Grupo de Renovacion Musical (1942–1948) By Quevedo, Marysol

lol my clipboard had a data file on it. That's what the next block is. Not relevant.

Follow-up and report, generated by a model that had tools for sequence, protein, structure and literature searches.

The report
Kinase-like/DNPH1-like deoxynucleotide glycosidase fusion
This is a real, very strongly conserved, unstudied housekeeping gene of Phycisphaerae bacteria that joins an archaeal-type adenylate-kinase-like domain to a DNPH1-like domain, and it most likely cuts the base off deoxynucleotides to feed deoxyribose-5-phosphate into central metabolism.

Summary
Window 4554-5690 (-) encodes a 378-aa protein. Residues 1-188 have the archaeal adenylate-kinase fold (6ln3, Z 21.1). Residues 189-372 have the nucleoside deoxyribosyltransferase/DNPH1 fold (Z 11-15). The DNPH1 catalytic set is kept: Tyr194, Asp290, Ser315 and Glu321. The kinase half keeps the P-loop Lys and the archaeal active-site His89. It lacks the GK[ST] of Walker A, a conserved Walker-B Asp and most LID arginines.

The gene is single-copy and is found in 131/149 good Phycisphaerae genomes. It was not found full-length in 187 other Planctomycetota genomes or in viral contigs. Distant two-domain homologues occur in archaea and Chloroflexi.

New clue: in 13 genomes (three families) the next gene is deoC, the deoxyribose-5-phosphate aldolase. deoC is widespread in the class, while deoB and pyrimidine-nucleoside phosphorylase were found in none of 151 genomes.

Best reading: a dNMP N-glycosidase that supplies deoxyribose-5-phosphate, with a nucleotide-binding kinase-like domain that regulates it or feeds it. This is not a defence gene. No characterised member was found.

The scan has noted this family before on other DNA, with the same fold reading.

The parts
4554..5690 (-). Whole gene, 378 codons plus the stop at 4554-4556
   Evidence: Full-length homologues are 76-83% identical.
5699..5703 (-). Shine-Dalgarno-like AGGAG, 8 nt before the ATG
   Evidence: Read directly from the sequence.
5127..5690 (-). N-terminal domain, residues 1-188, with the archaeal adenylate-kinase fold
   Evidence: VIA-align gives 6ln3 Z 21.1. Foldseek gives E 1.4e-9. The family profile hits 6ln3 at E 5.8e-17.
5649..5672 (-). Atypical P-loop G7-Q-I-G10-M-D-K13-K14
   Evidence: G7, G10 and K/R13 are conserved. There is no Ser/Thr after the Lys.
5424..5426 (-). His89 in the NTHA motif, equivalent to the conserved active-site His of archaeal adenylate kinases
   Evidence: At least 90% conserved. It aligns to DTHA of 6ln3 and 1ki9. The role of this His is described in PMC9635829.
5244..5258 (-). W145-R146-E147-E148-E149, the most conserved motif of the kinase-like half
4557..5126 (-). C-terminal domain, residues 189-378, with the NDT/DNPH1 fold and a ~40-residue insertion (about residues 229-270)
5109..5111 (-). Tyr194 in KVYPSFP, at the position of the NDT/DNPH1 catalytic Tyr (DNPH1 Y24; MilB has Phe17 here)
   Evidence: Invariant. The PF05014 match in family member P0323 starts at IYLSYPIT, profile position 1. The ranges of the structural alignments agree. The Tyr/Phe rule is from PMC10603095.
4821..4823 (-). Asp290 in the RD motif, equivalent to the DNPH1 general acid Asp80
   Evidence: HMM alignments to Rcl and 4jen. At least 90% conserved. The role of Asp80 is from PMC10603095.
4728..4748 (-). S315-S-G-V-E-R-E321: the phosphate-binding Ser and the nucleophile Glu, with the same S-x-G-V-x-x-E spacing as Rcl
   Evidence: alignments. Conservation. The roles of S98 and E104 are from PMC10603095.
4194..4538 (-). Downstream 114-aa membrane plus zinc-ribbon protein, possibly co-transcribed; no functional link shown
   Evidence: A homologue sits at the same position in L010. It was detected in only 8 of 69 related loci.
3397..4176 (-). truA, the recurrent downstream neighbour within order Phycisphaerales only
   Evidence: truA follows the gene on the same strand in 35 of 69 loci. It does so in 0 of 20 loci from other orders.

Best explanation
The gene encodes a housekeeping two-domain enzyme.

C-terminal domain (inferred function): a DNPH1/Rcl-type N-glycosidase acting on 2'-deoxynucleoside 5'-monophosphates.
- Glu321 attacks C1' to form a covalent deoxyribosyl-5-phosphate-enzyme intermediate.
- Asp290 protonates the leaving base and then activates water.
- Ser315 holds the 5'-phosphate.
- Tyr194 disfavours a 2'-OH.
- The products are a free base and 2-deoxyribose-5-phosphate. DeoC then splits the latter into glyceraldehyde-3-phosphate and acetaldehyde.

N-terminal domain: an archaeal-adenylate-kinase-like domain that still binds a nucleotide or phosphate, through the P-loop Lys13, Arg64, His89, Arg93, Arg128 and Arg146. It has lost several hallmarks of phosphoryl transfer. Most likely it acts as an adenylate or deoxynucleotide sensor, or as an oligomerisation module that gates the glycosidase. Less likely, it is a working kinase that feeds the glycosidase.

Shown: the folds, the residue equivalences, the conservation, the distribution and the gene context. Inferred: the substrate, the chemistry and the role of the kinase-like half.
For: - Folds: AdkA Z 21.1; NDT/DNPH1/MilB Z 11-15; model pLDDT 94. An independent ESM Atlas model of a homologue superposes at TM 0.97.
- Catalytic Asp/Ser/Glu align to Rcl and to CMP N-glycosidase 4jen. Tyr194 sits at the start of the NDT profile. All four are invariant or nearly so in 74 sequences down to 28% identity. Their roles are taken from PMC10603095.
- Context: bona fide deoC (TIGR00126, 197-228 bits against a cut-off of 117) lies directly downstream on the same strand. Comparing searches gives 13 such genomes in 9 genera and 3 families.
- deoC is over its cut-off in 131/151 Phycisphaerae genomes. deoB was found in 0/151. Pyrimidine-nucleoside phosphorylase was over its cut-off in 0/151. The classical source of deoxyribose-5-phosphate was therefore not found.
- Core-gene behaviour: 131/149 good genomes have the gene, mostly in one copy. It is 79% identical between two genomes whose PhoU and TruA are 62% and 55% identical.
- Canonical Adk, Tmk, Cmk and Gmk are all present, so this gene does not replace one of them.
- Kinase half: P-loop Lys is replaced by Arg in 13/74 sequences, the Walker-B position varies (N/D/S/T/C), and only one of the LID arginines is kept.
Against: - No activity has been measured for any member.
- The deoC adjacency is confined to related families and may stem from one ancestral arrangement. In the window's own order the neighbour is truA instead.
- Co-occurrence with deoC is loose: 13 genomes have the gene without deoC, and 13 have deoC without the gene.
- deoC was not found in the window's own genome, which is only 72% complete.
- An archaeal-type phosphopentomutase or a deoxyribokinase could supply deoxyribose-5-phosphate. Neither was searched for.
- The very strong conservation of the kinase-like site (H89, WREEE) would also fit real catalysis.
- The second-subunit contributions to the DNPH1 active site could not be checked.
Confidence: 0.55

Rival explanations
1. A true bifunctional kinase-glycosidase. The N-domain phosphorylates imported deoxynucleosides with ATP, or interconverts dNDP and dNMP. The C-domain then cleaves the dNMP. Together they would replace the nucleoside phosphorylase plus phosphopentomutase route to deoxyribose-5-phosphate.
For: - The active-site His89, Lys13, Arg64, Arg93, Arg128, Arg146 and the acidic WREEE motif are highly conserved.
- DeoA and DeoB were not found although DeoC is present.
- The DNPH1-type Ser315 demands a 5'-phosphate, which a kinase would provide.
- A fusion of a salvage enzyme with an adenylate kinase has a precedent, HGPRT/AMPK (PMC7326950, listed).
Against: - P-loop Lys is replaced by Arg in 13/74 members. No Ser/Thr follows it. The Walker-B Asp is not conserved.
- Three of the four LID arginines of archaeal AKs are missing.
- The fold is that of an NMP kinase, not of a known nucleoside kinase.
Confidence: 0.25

The Grupo de Renovacion Musical was a school of Cuban composers that emerged out of the Conservatorio Municipal de La Habana during the 1940s. The young composers were pupils of Spanish-born composer José Ardévol, who served as the leader and mentor of the group. After the premature deaths of Amadeo Roldán and Alejandro García Caturla (1939 and 1940 respectively), Ardévol took over some of their duties as music professor at the Conservatorio Municipal. Ardévol and his pupils saw a need for Cuban composers to focus on compositional techniques and strongly believed that all composers should master traditional compositional methods, such as traditional counterpoint, sonata form, and fugues (most commonly used by composers of the Baroque and Classical periods) in order to fully develop their music-writing abilities. They also rejected the obvious nationalism that Roldán and Caturla had popularised and that was also found in the works of many other Latin American composers from the previous generation. Instead, they preferred the neoclassical trends of Europe—mostly of France and Spain—with composers Igor Stravinsky and Manuel de Falla serving as their models. However, they never denied the importance of the legacy established by Roldán and Caturla for future generations of Cuban composers. The group acknowledged that Roldán and Caturla were visionaries in their own time, influential through their compositions, which brought Cuban music up to date with contemporary music developments in the U.S., Latin America, and Europe, and for introducing the use of traditional Cuban music elements to contemporary art music—particularly the use of rhythm and percussive instrumentation.